Clinicians at Vanderbilt Medical Center demonstrate how visual supports can empower young patients with developmental disabilities
By David Crnobori, education and behavior consultant with the Center for Child Development at the Monroe Carell Jr. Children’s Hospital at Vanderbilt University Medical Center, in Nashville. Vanderbilt is one of 14 sites in the Autism Speaks Autism Treatment Network.
“What are you going to do to me?”
“When can I go home?”
When a child with autism arrives for an appointment at our clinic, these are some of the important questions we try to answer visually.
We know that individuals with autism respond well to visual information. Behavioral therapists and special-education teachers have long used visual supports in the classroom. Here at Vanderbilt, we’re expanding their use in pediatric healthcare.
I’ve come to see view visual supports as more than another autism intervention. I see them as prosthetic devices. Merriam-Webster defines a prosthesis as “an artificial device to replace or augment a missing or impaired part of the body.” I think this definition applies so well to visual supports. We use them to support the neurological and developmental differences shared by many individuals with autism.
Our goal is to provide the best care possible for children with developmental disabilities. This includes providing the necessary supports to turn our clinic into an autism-friendly environment.
From the time our patients check in to the time they leave, we provide visual supports to help address as many of their concerns as possible. Here are some examples of how we do this.
What am I going to do today? In the waiting room, we start the visit with a customized picture schedule with photos of each step of the child’s appointment. (See visit schedule, above right.) Our visual schedules are portable so the patient and his or her parents can carry them through the clinic.
What are you going to do to me? In addition to the visual visit schedule, we have visual task lists and instructions for each procedure that will take place. For example, we have a task list for taking vitals such as blood pressure, weight and height. (See vitals schedule, at right.)
We use still another visual support to help communicate the instructions required to complete each task. (See "first-then" schedule for getting weighed, below.)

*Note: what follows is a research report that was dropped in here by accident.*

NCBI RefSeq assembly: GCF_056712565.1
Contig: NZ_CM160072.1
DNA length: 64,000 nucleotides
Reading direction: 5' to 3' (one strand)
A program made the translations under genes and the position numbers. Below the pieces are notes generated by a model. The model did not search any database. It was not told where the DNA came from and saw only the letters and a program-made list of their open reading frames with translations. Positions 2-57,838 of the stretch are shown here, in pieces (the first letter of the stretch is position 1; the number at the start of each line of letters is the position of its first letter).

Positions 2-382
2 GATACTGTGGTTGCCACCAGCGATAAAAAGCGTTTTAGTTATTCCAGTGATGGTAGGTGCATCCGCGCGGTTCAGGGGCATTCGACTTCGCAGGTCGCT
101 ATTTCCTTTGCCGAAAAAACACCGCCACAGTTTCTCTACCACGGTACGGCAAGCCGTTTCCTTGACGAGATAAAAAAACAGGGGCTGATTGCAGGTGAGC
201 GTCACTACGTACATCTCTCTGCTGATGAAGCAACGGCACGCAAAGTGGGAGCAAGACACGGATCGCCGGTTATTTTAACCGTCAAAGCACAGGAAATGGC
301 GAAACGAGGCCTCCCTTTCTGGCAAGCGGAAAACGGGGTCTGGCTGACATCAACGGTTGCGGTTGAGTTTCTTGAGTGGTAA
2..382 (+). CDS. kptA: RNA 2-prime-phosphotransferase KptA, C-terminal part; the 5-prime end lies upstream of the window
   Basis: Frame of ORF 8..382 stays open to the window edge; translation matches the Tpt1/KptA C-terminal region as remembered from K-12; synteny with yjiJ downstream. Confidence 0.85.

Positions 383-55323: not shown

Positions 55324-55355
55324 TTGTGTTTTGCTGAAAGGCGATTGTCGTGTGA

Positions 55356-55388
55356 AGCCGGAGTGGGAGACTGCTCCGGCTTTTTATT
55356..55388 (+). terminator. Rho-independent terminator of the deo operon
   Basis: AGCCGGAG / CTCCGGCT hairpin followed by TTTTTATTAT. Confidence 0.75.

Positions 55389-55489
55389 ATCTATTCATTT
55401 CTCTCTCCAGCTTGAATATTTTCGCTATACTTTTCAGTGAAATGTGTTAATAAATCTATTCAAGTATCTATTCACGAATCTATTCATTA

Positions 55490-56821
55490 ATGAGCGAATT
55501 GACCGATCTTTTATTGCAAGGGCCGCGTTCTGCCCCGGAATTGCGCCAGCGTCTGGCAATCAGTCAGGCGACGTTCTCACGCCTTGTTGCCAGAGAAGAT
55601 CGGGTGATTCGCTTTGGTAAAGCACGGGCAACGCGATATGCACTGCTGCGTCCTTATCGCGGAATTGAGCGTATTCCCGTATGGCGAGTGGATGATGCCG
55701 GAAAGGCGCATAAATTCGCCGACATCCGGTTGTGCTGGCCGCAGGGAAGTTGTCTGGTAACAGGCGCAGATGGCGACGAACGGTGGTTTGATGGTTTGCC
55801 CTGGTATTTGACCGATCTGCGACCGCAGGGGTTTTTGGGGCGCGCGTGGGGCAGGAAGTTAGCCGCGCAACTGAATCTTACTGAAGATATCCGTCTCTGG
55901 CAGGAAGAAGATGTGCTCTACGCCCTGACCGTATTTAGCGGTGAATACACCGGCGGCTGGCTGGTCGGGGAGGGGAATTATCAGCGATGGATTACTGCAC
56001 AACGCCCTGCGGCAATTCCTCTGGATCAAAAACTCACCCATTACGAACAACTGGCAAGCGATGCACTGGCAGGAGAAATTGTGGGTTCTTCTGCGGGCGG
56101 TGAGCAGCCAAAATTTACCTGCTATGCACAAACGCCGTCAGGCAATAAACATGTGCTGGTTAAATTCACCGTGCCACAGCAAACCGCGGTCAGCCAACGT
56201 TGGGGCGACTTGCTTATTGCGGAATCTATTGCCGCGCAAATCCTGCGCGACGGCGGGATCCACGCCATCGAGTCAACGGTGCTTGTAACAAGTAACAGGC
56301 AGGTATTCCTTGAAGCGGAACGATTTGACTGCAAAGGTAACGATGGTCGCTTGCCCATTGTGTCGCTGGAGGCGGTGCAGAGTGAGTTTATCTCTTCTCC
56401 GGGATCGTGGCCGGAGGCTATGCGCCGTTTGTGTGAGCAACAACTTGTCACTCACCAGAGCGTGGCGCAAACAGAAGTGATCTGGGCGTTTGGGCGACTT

We encourage our patients to remove pictures from their schedules as they complete each task, a step that helps provide them with a sense of control over the situation.
When am I finished? Removing pictures from their schedules provides our patients with a tangible way to track their progress to the end of the visit. Some patients appreciate a little more support in this regard. For them, we’ll add a visual timer such as the visual app I have on my smart phone (right). Appointments typically have set times. But if needed, I’ll consult with the providers on time estimates and set the timer accordingly.
The last picture on the visual schedule – right after the visit to the treasure chest – shows a child leaving the clinic with the caption “all done.”
In addition to easing clinic visits for our young patients, our extensive use of visual supports allows us to demonstrate their usefulness to parents. We send many of our parents home with packets of visual supports, including a copy of the Autism Speaks ATN/AIR-P Visual Supports Tool Kit. (Download the tool kit free of charge from the Autism Speaks website (here).
We love hearing parents describe how they’ve put these powerful tools into action in their children’s lives. We also welcome their questions on how apply them in different situations.
In closing, I want to thank the Autism Speaks’ community for supporting this work through the Autism Speaks ATN. We’d love to hear about how you use visual supports in healthcare and other settings in the comment section below. We also welcome your questions at GotQuestions@AutismSpeaks.org.